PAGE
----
T. A. Frank. in The New Republic:

If present trends continue, the term “liberal” may eventually come to mean something like “conservative who occasionally disagrees with G. Gordon Liddy.” To fight back, TNR Online has decided unilaterally to reclaim the parameters of the debate. We’ll allow the Bush administration to hold down the right end of the spectrum, but no longer will we permit The Nation to represent the far left–that job will instead fall to the dedicated journalists at KCNA, the news agency of North Korea. As for the middle, that can still be represented by David Gergen. (We would have chosen David Broder but, unlike Gergen, Broder has occasionally been unavailable for televised comment.) …


1. About Condoleezza Rice, I agree with:

A. George W. Bush: “America has benefited from the wise counsel of Dr. Condoleezza Rice and our family has been enriched by our friendship with this wonderful person.”

B. David Gergen: “Listen, there’s nothing to say that she won’t be a terrific secretary of state. She may well be. She’s obviously a woman of enormous stature.”

C. North Korea: “Condoleezza Rice [is] a handmaid of the United States’ aggressive external policy and a faithful spokeswoman for the U.S. munitions monopolies.”

Correct answer: B. While North Korea deserves credit for use of the terms “munitions monopolies” and the under-used “handmaid,” the correct liberal answer is Gergen’s, since it’s true that Rice’s tenure may indeed prove “terrific”–in the original (example: “terrific conflagration”) sense of the word.

Rest of the test here.

The artist as neuroscientist

Patrick Cavanagh in Nature:

Monet_1Although we rarely confuse a painting for the scene it presents, we are often taken in by the vividness of the lighting and the three-dimensional (3D) layout it captures. This is not surprising for a photorealistic painting, but even very abstract paintings can convey a striking sense of space and light, despite remarkable deviations from realism.

The rules of physics that apply in a real scene are optional in a painting; they can be obeyed or ignored at the discretion of the artist to further the painting’s intended effect. Some deviations, such as Picasso’s skewed faces or the wildly coloured shadows in the works of Matisse and other Impressionists of the Fauvist school, are meant to be noticed as part of the style and message of the painting. There is, however, an ‘alternative physics’ operating in many paintings that few of us ever notice but which is just as improbable. These transgressions of standard physics — impossible shadows, colours, reflections or contours — often pass unnoticed by the viewer and do not interfere with the viewer’s understanding of the scene. This is what makes them discoveries of neuroscience. Because we do not notice them, they reveal that our visual brain uses a simpler, reduced physics to understand the world. Artists use this alternative physics because these particular deviations from true physics do not matter to the viewer: the artist can take shortcuts, presenting cues more economically, and arranging surfaces and lights to suit the message of the piece rather than the requirements of the physical world.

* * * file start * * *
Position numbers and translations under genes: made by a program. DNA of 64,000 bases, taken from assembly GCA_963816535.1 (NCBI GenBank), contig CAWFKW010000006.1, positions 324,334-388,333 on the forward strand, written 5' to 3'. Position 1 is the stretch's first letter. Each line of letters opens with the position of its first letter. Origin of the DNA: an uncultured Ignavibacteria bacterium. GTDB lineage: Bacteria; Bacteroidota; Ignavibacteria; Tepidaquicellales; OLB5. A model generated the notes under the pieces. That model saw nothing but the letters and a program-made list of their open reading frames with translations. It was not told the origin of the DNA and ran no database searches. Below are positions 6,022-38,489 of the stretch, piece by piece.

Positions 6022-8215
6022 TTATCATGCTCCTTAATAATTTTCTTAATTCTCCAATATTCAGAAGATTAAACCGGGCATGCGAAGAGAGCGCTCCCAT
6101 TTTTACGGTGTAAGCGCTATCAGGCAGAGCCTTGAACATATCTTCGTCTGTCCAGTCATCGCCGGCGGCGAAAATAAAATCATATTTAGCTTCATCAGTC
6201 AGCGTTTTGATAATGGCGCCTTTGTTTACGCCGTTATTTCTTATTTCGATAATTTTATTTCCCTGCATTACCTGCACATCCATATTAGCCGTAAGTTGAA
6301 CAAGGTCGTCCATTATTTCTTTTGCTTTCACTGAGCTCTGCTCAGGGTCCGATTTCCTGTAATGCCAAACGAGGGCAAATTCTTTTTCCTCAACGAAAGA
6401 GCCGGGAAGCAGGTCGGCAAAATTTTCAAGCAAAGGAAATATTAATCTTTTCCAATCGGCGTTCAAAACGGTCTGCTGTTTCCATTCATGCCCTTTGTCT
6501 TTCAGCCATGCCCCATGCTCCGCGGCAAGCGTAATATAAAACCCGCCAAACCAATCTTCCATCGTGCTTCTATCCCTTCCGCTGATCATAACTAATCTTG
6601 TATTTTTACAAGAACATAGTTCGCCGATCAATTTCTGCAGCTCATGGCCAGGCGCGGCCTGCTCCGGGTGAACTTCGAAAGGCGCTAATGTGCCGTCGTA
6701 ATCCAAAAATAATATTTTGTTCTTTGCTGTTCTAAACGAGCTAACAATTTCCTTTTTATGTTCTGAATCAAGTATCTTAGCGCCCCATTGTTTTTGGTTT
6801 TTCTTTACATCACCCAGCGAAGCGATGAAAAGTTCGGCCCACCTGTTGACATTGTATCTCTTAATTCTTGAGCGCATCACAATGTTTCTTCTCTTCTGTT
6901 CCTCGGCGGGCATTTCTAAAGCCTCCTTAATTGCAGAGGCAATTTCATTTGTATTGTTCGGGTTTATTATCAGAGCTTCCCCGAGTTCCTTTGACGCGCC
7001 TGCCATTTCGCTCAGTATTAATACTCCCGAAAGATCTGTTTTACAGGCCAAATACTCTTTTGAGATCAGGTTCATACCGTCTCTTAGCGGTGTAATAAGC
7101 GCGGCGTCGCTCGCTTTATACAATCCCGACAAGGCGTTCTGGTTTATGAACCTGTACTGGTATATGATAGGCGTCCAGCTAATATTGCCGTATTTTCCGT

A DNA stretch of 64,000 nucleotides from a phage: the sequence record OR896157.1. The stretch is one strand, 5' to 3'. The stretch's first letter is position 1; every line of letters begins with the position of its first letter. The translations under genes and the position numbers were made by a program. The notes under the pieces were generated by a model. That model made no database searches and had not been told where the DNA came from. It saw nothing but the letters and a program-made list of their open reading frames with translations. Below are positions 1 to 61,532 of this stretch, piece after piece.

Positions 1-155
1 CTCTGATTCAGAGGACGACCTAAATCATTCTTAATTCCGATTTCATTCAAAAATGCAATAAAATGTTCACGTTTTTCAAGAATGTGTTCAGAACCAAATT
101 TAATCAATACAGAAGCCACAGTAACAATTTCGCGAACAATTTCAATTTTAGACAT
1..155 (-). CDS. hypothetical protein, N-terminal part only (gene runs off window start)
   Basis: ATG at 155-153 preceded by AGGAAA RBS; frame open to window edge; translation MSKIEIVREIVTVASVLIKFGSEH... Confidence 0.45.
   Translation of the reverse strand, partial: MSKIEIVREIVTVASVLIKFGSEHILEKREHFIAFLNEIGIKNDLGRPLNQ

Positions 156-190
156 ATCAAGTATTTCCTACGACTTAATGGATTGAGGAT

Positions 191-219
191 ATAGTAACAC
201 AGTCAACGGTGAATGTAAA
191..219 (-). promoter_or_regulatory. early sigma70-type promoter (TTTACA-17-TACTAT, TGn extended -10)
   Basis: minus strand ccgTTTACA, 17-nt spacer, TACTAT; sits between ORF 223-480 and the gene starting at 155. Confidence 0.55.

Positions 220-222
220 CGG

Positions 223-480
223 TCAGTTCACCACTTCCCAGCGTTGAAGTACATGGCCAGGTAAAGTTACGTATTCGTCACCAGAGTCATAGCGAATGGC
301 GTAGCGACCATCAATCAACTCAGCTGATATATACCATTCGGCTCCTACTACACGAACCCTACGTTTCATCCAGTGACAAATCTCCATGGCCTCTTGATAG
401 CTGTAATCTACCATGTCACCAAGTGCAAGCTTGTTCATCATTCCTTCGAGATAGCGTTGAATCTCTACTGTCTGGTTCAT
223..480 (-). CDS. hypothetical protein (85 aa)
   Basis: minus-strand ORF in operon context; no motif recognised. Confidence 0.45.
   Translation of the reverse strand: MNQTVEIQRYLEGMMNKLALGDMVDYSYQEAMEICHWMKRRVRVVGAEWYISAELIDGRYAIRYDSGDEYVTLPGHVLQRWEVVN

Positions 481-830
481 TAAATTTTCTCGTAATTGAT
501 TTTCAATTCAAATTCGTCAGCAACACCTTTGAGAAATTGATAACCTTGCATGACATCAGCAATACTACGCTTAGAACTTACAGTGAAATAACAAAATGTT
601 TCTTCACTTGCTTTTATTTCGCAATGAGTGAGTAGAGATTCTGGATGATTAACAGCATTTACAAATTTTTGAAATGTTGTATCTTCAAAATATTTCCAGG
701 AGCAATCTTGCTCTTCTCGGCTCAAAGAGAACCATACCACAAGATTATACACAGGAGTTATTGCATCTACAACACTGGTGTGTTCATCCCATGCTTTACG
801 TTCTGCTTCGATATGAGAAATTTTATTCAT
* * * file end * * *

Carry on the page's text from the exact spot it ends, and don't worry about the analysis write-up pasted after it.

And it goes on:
In discovering these shortcuts artists act as research neuroscientists, and there is a great deal to be learned from tracking down their discoveries.

More here.

Clues to History of Human Migration in Pig DNA

Rosie Mestel in the Los Angeles Times:

The pig work provides a new tool for tracking movements of prehistoric humans, the authors said. By assessing the genes of local domestic pigs, researchers could learn where the animals’ wild boar ancestors hailed from — and uncover ancient trade routes and human migration paths.

The pig DNA data have suggested that a theory about Pacific Islanders originally coming from Taiwan is incorrect. The data show that pigs in Hawaii do not match wild boars from Taiwan, the authors said.

More here.

Thursday, March 17, 2005

Making Black Holes

An experiment at the Relativistic Heavy Ion Collider (RHIC) may have created a black hole, or its analog.

“A fireball created in a US particle accelerator has the characteristics of a black hole, a physicist has said.

It was generated at the Relativistic Heavy Ion Collider (RHIC) in New York, US, which smashes beams of gold nuclei together at near light speeds.

Horatiu Nastase says his calculations show that the core of the fireball has a striking similarity to a black hole.”

Nastase’s paper which

“argue[s] that the fireball observed at RHIC is (the analog of) a dual black hole. In previous works, we have argued that the large behaviour of the total QCD cross section is due to production of dual black holes, and that in the QCD effective field theory it corresponds to a nonlinear soliton of the pion field. Now we argue that the RHIC fireball is this soliton. . . . RHIC is in a certain sense a string theory testing machine, analyzing the formation and decay of dual black holes, and giving information about the black hole interior.”

can be found here.

String Theory is like a 50-year-old woman wearing way too much lipstick

Keay Davidson in the San Francisco Chronicle:

Already, the split over string theory has caused tensions at some of the nation’s university physics departments. “The physics department at Stanford effectively fissioned over this issue,” said Laughlin, now on sabbatical in South Korea. “I think string theory is textbook ‘post-modernism’ (and) fueled by irresponsible expenditures of money.”

The dispute could become explosive this year, with the publication of contrarily minded books by two of the best-known and most eloquent scientific popularizers of physics, string theorist Michio Kaku of City University of New York and astrophysicist-particle theorist Lawrence Krauss of Case Western Reserve University in Cleveland.